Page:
Saving money: Grocery shopping

It’s no secret that prices are going up just about everywhere. If you’ve been living in the Netherlands for a while, you’ve no doubt seen the prices in the grocery stores rising as well. And not just for international products – even products originating in the country are going up. With the increase in prices just about everywhere people are doing what they can do to save money. With grocery shopping being a necessity, it can sometimes feel like you can’t escape the rising prices. But with a bit of planning and attention you can keep your grocery bills relatively low. Here are some tips for saving money while shopping for food.

Shop the “acties”
Every grocery store chain in the Netherlands has a weekly special with really good deals. Each chain has its own day to start their deals and its own day when to announce the following week’s specials. On the store’s website or in its app, look for the words “actie”, “bonus” or “aanbieding” for their weekly deals. Some of these deals are really incredible: buy one get one free (1+1 gratis); 50% off; buy 5 pay 2; the second item half off, and many more. Take advantage of the items that have a long shelf life and that you have space for – even some refrigerated items have a shelf life of a month or longer. And don’t forget foods you can freeze!

You may have a closet full of toilet paper or you may be eating only one fruit or vegetable that week, but you’ll save a lot of money on your bill. When my favorite “ontbijtcrackers” (Dutch breakfast crackers) were 1+1 gratis, I bought 8 boxes!

Special saver programs
Almost every grocery store chain in the Netherlands has its own customer saver program. At first these were a little confusing to me: for every €1 you spend, you buy a digital “zegel” (stamp) for €0.10, which is stored in the store’s app and accrues a nominal interest rate. I highly recommend these programs, even if the interest accrued is not that big. One, any extra money is extra money; and two, your contribution is also stored which makes your grocery store app like a savings account. It’s all a bit confusing, especially for expats, so I recommend checking out your grocery store’s app or visiting their customer service counter to get the low-down. The apps aren’t in English, so you’ll need to use an online translator, but employees at grocery stores usually speak near-perfect English (like most Dutch people) and can explain their program to you.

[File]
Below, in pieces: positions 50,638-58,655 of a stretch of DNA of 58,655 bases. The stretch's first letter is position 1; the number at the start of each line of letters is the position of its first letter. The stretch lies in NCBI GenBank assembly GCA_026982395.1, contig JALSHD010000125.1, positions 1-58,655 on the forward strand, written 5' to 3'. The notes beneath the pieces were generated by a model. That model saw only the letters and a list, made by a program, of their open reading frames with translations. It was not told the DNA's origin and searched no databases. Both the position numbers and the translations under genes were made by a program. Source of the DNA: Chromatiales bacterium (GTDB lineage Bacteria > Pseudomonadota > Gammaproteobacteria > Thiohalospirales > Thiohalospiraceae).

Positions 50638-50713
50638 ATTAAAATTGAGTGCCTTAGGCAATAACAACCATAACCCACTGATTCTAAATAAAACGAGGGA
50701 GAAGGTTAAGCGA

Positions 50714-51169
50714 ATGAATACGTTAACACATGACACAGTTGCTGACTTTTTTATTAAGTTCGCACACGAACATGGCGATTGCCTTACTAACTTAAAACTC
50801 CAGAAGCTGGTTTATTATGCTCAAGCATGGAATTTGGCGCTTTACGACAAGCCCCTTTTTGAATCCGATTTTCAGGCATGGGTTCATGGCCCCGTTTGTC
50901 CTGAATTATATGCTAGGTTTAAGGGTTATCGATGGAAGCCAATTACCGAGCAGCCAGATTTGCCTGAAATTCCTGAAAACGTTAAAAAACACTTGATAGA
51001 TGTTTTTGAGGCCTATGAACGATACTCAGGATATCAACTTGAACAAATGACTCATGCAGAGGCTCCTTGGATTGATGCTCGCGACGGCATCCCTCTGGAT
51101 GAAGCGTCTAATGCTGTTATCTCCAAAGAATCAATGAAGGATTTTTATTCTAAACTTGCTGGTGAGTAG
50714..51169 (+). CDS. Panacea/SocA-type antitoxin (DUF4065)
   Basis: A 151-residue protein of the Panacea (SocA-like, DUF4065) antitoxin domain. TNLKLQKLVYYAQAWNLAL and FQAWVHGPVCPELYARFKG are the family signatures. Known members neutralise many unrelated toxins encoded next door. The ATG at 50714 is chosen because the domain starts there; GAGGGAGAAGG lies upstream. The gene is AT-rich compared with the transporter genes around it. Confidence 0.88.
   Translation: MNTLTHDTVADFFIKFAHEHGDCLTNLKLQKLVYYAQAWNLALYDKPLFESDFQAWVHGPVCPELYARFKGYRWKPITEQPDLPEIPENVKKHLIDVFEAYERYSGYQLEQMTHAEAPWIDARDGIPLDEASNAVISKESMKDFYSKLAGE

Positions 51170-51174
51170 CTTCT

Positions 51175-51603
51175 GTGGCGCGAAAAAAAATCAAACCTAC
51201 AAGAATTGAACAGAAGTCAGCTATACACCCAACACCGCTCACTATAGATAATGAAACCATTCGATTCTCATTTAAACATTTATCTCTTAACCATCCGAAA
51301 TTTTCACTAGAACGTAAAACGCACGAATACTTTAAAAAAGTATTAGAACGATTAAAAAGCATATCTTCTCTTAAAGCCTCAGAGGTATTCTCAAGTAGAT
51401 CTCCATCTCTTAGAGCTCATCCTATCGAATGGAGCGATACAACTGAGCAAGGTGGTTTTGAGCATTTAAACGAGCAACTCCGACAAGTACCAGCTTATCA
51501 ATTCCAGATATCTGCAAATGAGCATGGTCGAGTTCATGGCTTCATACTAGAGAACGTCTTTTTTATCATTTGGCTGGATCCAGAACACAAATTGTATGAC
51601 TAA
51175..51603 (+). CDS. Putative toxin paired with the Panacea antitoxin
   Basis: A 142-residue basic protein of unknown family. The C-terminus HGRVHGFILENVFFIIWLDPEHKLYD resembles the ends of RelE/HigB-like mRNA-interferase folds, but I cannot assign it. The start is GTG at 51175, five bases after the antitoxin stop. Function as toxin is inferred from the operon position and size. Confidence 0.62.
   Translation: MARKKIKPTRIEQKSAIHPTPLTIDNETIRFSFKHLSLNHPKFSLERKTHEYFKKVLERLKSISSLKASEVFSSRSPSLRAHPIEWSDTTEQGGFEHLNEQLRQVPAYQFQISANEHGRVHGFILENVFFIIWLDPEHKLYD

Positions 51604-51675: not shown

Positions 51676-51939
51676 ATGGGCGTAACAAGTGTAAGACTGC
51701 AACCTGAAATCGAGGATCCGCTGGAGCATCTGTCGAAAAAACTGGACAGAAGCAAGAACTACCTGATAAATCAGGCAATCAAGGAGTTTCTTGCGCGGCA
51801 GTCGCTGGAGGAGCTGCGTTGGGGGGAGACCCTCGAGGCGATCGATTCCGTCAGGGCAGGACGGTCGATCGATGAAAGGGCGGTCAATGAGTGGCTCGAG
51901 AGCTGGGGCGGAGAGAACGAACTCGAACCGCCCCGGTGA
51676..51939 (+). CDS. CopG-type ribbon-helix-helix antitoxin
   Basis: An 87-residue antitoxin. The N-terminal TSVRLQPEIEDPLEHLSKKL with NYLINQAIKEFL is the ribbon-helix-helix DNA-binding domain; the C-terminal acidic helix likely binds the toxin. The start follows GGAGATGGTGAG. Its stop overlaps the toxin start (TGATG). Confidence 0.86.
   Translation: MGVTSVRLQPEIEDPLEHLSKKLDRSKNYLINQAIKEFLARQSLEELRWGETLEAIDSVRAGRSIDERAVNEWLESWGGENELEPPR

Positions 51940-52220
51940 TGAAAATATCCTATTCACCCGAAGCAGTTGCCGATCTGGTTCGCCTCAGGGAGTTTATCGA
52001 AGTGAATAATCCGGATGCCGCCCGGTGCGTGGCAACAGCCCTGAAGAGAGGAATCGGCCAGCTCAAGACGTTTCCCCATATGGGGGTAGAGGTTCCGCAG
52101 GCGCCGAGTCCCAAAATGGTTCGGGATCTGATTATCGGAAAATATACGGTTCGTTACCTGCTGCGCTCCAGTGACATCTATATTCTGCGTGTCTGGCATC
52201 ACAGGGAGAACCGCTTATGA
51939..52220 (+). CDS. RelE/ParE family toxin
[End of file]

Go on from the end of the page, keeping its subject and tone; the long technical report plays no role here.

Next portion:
Additional “spaaracties” and temporary specials
Most grocery stores also have saver programs for other items like pots and pans, silverware or utensil sets, bathroom towel sets and much more. These specials usually run for several months and most grocery stores allow you to accrue “zegels” or stamps automatically through their app. You collect these stamps, then trade them in for massive discounts on these really useful items that are also usually excellent quality. I’ve purchased a beautiful chef’s knife that would normally cost around €80 for a mere €12.99. I also purchased an entire four-piece bathroom towel set for about 15% of the retail price.

In addition to household items, most stores also have deals with movie theaters, amusement parks, museums and even furniture and exercise equipment companies. It’s worth looking into these special deals at your favorite store. Again, visit the customer service counter or call the store’s customer service number to explain how it all works.

Competition is good for the customer!
The competition between grocery stores is fierce, each one taking its marketing and specials to the next level. This is great for the consumer, even if prices are going up across the board. Each chain is trying to out-sell and out-market the next one – and it’s the consumer who wins. Just plan your shopping so that you can check out all that the grocery stores offer. Most of the items I buy are from the weekly special, making my weekly shopping at least 25% off – sometimes as high as 50% off. The downside is that most of the sites and apps are in Dutch, but you can easily translate them or visit the store for help – or even better, start learning Dutch by grocery shopping! Happy shopping!

Written by Marla Thomson